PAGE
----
How to Move a Loved One into Memory Care
There is no easy way to move a loved one. Everyone is different and how they will react. Not only will you have feelings of guilt, sorrow, and even despair, but your siblings may also find it hard to go through this transition.
Remember the feelings of your loved one…
Now let’s talk about the loved one who is being moved. He or she has their own set of emotions and fears.
The fear of being lonely or left alone.
The fear that no one will come and visit them.
They fear that they won’t like the facility or make any new friends.
Moving someone into memory care is not a one day or even a one week job.
We talked a lot at Caregiver Haven about getting prepared. This is one of the big ones. All caregivers have to have a strategy on place when a crisis occurs.
Whether your loved ones are home, and one of them falls and breaks a hip, what does the other one do?
If they live with you and your family and it becomes unbearable for you or your family, what proactive pre-decisions have you made?
Remember Caregiver Haven is about providing education, protecting the caregiver, and preventing the crisis.
So let’s do our homework first before we even think about putting our loved one in memory care.
If your loved one has been diagnosed with any form of dementia we have to consider memory care in our future.
Dementia is an umbrella term for declining mental disease.
It encompasses Alzheimer’s as well as Parkinson’s and many other types of memory loss.
It also means personality changes, aggression, anger, meanness, etc.
Here’s a list of 5 things to go through and decide which work best for you before you approach your loved one.
1) Choose the best facility.
Here you’ve got to do your homework. The 53 question guide I give you in the Ultimate Caregiver’s Guide Toolkit will show you the right questions to ask, especially during this Covid pandemic.
Pick three facilities and look them over. If none of those are satisfactory to you, pick the next three and look those over. When you have chosen three that you really like and they have availability for your loved one pretty quickly then let your loved one know so they can visit these places. Try not to extend this out over months as your loved one will become more apprehensive about moving.
2) Recognize the transition will be challenging.
I think there’s enough said about how challenging this transition can be. The best approach is to let the staff handle your loved one and the transition. They have done it many times and they know exactly what they’re doing. If you trust this facility (which you should if you’re putting your loved one there) then trust them to know how to help you get through this time as well. When you share with them your fears, you will be amazed at how much they can help you.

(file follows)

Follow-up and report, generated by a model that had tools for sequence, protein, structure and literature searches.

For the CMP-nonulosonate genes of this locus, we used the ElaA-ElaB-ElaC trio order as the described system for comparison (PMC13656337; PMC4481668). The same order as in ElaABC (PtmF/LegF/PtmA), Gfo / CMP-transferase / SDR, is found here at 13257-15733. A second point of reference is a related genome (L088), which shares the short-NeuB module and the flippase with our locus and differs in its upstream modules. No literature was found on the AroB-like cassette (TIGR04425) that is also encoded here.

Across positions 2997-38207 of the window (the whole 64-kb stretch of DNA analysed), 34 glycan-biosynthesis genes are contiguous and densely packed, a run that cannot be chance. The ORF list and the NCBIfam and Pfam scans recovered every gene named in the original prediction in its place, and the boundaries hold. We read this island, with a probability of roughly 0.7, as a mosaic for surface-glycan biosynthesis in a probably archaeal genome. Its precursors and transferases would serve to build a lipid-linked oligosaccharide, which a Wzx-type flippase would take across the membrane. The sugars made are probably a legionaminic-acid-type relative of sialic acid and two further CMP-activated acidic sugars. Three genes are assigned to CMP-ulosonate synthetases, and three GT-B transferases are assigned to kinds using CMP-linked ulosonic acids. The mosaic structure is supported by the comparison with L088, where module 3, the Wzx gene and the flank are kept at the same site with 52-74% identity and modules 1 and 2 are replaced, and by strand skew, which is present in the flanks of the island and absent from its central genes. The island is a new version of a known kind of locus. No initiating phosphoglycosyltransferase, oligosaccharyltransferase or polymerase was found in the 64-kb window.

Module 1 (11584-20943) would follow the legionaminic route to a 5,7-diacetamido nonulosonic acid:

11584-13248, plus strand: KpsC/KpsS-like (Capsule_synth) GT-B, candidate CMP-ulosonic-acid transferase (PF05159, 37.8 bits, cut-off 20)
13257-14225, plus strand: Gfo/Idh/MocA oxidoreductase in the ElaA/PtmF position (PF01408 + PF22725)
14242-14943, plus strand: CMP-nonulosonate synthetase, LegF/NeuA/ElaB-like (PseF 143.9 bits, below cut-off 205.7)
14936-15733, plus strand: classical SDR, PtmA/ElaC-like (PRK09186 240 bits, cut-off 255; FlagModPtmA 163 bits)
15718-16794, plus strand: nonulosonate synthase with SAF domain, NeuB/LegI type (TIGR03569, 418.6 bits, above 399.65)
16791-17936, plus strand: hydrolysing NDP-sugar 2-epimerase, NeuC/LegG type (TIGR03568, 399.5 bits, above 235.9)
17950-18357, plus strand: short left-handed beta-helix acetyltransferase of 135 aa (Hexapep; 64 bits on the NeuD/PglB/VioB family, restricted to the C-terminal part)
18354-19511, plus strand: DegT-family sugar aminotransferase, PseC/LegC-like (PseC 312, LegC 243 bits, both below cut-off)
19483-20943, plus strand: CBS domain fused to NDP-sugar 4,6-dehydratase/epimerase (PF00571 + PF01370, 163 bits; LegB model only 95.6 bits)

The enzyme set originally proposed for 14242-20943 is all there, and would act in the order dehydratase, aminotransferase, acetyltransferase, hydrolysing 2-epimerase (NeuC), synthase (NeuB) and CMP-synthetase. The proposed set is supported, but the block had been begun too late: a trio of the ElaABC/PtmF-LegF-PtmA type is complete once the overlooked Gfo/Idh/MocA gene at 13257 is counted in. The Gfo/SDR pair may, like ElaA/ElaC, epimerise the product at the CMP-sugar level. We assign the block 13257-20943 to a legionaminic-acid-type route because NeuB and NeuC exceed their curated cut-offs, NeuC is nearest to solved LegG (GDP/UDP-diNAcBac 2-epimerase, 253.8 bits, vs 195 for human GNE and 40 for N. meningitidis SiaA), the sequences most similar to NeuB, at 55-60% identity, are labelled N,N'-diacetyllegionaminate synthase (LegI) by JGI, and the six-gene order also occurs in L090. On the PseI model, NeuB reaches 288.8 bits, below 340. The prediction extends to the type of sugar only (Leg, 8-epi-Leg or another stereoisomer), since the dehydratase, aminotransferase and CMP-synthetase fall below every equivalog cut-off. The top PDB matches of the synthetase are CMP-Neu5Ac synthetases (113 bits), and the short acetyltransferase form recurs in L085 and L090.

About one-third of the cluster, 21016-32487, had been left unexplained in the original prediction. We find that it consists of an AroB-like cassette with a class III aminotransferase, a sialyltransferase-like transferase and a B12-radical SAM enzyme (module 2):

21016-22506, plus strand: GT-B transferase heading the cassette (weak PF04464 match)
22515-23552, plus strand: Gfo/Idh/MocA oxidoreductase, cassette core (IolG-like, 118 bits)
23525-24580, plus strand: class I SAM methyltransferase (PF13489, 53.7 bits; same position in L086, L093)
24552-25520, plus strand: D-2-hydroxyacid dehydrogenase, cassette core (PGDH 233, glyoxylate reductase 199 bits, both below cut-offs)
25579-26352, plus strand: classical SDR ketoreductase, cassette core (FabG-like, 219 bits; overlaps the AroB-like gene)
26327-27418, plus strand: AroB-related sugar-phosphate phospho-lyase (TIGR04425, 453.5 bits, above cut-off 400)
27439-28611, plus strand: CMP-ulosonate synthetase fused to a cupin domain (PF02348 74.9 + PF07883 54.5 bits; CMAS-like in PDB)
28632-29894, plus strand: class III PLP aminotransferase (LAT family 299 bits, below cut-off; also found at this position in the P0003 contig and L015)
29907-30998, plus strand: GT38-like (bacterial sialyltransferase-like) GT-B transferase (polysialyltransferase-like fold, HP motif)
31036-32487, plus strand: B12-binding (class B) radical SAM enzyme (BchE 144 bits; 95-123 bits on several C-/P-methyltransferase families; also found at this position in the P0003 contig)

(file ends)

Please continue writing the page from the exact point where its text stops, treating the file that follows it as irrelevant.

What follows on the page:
3) Align moving time with your loved one’s best time of day.
Make sure that your moving time is early morning or early afternoon. You do not want to wait for evening hours as your loved one starts to get tired. Also, you do not want to move your loved one while breakfast lunch, or dinner is being served as the employees are busy getting everybody fed. It is best to move your loved one when someone is there to be with him or her when you leave.
4) Attend events at the care facility prior to move-in day.
This is so important. It is very difficult to explain to your loved one about the events if you don’t go to them yourself. Talk to the people there and talk to the employees who run these activities and get their insight and also tell them about your loved one and how it is best for them to get your loved one engaged early in the process of coming and going throughout the facility. Attend as many of these events as you can so you can continue to encourage your loved one to participate in them.
5) Give the staff information about your loved one ahead of time.
There is a wonderful book called “The Best Friends Approach to Dementia Care” written by Virginia Bell and David Troxel. It explains to any memory care facility the exceptional programs they use and teach their employees. If you have any facilities in your area that utilize The Best Friends Approach you will see what I’m talking about here. It is an amazing program and it’s an excellent book to read so you better understand how to work with someone who has dementia. The gist of it is that the more the employees know about the life your loved one lead, and the music they loved as the years went by, the better they will be to engage your loved one in the life they loved. This is what best friends do. They know everything about each other. They trust each other. They love each other and they laugh with each other. These are the memories that they share. Please make sure that the facility understands the value of the life of your loved one.
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Hi I'm Suzanne
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